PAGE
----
A dysfunctional session for education

I believe the 2013 legislative session has been a dysfunctional session as far as education issues are concerned. There is a lack of common direction, agreed upon goals, or methods needed to accomplish these undefined goals. The legislature is drowning in information without direction.

StevenThayn64
Sen. Steven Thayn

This confusion has lead to conflicting policies. The Legislature is restoring some of the cuts to teacher salaries while at the same time making it easier for the school districts to reduce teacher salaries. Also, there is a desire to give parents choice in education but opposition to funding charter schools.

This confusion is to be expected with the defeat of the propositions in November. What should be the direction of education reform? Many, especially the Idaho Education Association (teachers union), assert that anything the voters rejected in November should not be addressed this session. “The voters have spoken” is the refrain.

I, personally, do not know exactly what the voters really meant except for one thing — the voters did not like the process. The voters felt like the Governor, Superintendent of Public Instruction, and the Legislature simply imposed a plan on the teachers without the teachers input. They want the stakeholders to work together.

One wonders if there is an ability to bring up substantive issues or will education policy languish without leadership? What are the major issues facing education and what is the path forward? I see several major issues including:

  • funding
  • role of parent
  • medical costs
  • student flexibility
  • parental choice
  • innovation
  • efficiencies

Funding

It has been said that the legislature is unwilling or unable to fund public schools appropriately. However, I do not believe that public school funding can be stabilized by increasing funding alone. The funding needs of public schools are limitless while the funding is limited. Funding can only be stabilized by increasing the role of parents, allowing students to have more flexibility, and innovation. This must include encouraging and rewarding students that are able to finish the k-12 system in less than 13 years.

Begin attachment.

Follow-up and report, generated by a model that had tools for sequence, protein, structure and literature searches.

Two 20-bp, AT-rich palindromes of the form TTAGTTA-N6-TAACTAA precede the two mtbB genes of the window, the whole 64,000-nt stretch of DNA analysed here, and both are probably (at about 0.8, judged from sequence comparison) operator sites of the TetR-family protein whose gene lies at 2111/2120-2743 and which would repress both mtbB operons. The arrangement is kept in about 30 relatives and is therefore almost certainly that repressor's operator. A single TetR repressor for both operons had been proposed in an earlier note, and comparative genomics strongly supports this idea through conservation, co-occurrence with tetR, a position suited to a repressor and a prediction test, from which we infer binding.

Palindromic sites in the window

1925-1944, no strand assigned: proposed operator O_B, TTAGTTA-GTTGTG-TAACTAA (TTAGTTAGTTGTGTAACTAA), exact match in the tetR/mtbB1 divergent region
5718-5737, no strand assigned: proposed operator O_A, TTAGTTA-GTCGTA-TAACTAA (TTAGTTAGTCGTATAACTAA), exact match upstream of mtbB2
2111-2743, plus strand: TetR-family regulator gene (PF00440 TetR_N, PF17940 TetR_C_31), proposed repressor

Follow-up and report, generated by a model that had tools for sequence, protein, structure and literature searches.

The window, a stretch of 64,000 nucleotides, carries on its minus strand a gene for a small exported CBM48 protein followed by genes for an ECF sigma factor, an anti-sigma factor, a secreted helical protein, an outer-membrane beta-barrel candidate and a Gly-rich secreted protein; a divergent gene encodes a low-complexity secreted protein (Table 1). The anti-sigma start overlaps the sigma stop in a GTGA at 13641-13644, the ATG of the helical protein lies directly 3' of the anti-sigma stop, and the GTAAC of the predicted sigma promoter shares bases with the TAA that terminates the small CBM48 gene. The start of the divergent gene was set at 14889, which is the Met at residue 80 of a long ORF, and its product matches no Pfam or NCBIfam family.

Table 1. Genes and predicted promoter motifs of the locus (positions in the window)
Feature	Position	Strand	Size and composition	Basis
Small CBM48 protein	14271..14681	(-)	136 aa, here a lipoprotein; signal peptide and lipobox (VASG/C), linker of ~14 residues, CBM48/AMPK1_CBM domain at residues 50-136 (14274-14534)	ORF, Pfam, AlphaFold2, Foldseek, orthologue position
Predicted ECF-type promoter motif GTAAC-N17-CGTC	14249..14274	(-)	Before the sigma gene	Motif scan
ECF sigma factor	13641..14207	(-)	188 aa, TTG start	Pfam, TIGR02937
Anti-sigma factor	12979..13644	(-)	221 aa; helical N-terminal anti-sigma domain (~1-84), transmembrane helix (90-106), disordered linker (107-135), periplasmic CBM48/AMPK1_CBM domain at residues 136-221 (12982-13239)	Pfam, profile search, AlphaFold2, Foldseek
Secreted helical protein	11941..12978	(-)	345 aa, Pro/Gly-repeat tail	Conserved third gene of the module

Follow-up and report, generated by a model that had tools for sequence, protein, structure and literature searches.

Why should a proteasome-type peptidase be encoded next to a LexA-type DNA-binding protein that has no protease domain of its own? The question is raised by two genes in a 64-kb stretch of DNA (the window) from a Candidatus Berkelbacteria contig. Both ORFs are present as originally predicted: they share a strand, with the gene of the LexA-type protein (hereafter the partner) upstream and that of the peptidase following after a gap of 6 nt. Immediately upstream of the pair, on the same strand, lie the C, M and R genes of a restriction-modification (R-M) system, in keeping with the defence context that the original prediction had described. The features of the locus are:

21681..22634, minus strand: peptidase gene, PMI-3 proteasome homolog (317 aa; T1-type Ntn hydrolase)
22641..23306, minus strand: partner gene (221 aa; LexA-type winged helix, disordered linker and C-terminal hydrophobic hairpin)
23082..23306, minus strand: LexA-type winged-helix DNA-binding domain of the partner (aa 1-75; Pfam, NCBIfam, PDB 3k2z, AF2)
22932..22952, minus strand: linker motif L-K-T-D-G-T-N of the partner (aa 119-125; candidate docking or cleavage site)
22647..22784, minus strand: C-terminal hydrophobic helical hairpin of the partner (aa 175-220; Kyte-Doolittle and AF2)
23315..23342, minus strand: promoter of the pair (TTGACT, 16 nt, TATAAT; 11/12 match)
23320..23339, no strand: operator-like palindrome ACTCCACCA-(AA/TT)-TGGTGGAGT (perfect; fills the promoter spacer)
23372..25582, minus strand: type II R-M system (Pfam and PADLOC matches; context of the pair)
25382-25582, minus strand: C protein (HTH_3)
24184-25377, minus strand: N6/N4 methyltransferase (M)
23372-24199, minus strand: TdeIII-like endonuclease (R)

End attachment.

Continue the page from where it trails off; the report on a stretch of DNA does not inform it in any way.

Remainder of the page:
Role of Parents

The educational formula that best reflects the needs of public education is: Funding  x  teachers  x  parental involvement  x  student desire to learn = educational outcomes

Past public school reform has focused almost exclusively on funding. Most debate at the Legislature deals with funding issues. This has created the reality that everything is seen through the microscope of funding. This focused interest on funding has largely ignored the value of and resources that parents could bring to the system. I suggest that increasing parental involvement will do more to stabilize school funding than providing more funds alone.

Medical costs

Medical Costs continue to eat into teachers’ salaries and into operational funding of school districts. This is an issue that needs serious consideration.

Student flexibility

Allowing student flexibility on how they can access the public education system also offers a promise to stabilize costs. If a student will take classes at a pace that allows the student to finish the course work in less time, there is an efficiency created and individualized outcomes encouraged. Allowing students to access the system in a way that fits their individual needs is an area that needs further exploration.

I hope that the stakeholders and the governor’s task force will bring a coherent vision of public education to the next legislative session; however, I fear that more funding will be at the root of most new reform suggestions for this one reason: The stakeholders are focused on funding more than on the needs and roles of parents and students. Until the needs and roles of parents become the focus of attention, it is unlikely that real reform can take place.